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Posted 28 June 2013 - 04:02 AM

View Postdanielost, on 28 June 2013 - 03:45 AM, said:

Christ said the most important law was to love god.  He then said the second one was just as important, love your nieghbor.

I wasn't framing those maxims in Christian terms, from wiki

"(Positive form of Golden Rule): One should treat others as one would like others to treat oneself.
(Negative form of Golden Rule): One should not treat others in ways that one would not like to be treated (also known as the Silver Rule)."

To me it seems a natural evolution of the reciprocity and empathy we see in other apes, and other more distant species.


Of course there is another more cynical meaning; Those who have the gold, make the rules. :)


#37    Frank Merton

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Posted 28 June 2013 - 04:10 AM

Some sort of basic axiom is needed if one is to be rational about moral behavior, rather than just going with what "feels right."

To me the foundation is Kant.  When contemplating an act, consider whether you would be willing to let anyone else in the same situation do the same.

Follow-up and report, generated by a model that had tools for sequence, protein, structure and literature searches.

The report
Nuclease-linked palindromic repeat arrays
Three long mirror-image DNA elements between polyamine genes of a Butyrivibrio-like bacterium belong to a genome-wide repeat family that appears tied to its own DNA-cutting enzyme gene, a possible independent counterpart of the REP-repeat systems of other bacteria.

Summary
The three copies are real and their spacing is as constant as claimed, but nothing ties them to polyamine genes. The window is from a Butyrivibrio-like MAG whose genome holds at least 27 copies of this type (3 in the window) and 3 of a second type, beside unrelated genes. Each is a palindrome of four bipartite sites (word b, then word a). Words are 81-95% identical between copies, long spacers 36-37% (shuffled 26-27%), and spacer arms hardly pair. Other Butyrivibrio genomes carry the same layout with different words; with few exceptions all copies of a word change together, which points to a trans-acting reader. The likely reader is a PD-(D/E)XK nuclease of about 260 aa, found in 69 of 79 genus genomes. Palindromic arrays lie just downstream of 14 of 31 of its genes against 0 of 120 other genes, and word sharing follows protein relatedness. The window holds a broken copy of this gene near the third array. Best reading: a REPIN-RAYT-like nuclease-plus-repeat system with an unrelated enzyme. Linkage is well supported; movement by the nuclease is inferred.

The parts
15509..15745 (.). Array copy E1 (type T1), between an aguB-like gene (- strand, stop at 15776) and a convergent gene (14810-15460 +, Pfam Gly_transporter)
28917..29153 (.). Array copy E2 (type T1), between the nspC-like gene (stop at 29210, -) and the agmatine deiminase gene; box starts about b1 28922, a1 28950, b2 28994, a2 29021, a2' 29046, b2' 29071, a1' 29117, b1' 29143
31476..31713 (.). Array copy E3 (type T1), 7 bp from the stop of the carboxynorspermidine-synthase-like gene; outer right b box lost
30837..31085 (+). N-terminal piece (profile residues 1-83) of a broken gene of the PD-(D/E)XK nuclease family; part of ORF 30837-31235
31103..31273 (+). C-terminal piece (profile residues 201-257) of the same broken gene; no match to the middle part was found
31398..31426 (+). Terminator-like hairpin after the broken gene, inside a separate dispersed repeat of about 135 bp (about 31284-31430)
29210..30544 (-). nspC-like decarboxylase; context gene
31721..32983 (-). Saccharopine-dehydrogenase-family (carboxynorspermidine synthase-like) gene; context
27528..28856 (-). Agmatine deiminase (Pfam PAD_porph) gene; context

This has some problems but at least it gets one's personal interest out of the formula.


#38    Zaphod222

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Posted 28 June 2013 - 04:57 AM

View Postredhen, on 27 June 2013 - 10:41 PM, said:

The definition of religion denotes something that binds or ties people together. This is also why I abstained from this poll.

You think that things that bind people together are bad?

"The moment you declare a set of ideas to be immune from criticism, satire, derision, or contempt, freedom of thought becomes impossible." (Salman Rushdie)

#39    White Crane Feather

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Posted 28 June 2013 - 05:29 AM

View PostBeany, on 27 June 2013 - 04:59 AM, said:

Every now & then I experience a perfect moment, like tonight. A cool breeze blowing, the big dipper directly overhead, the sound of the surf so loud it sounds like it's on the next block, and a quiet mind. Having these small moments fills me with gratitude. This is my own personal religion. No dogma, no explanations, no excuses, no written words, no prophesy, no fear, no guilt, just simply being.

Anyone else have these moments? They never last very long, I try not to hold on to them, they're always unexpected, and I know it will come around again. In the meantime, chop wood, carry water.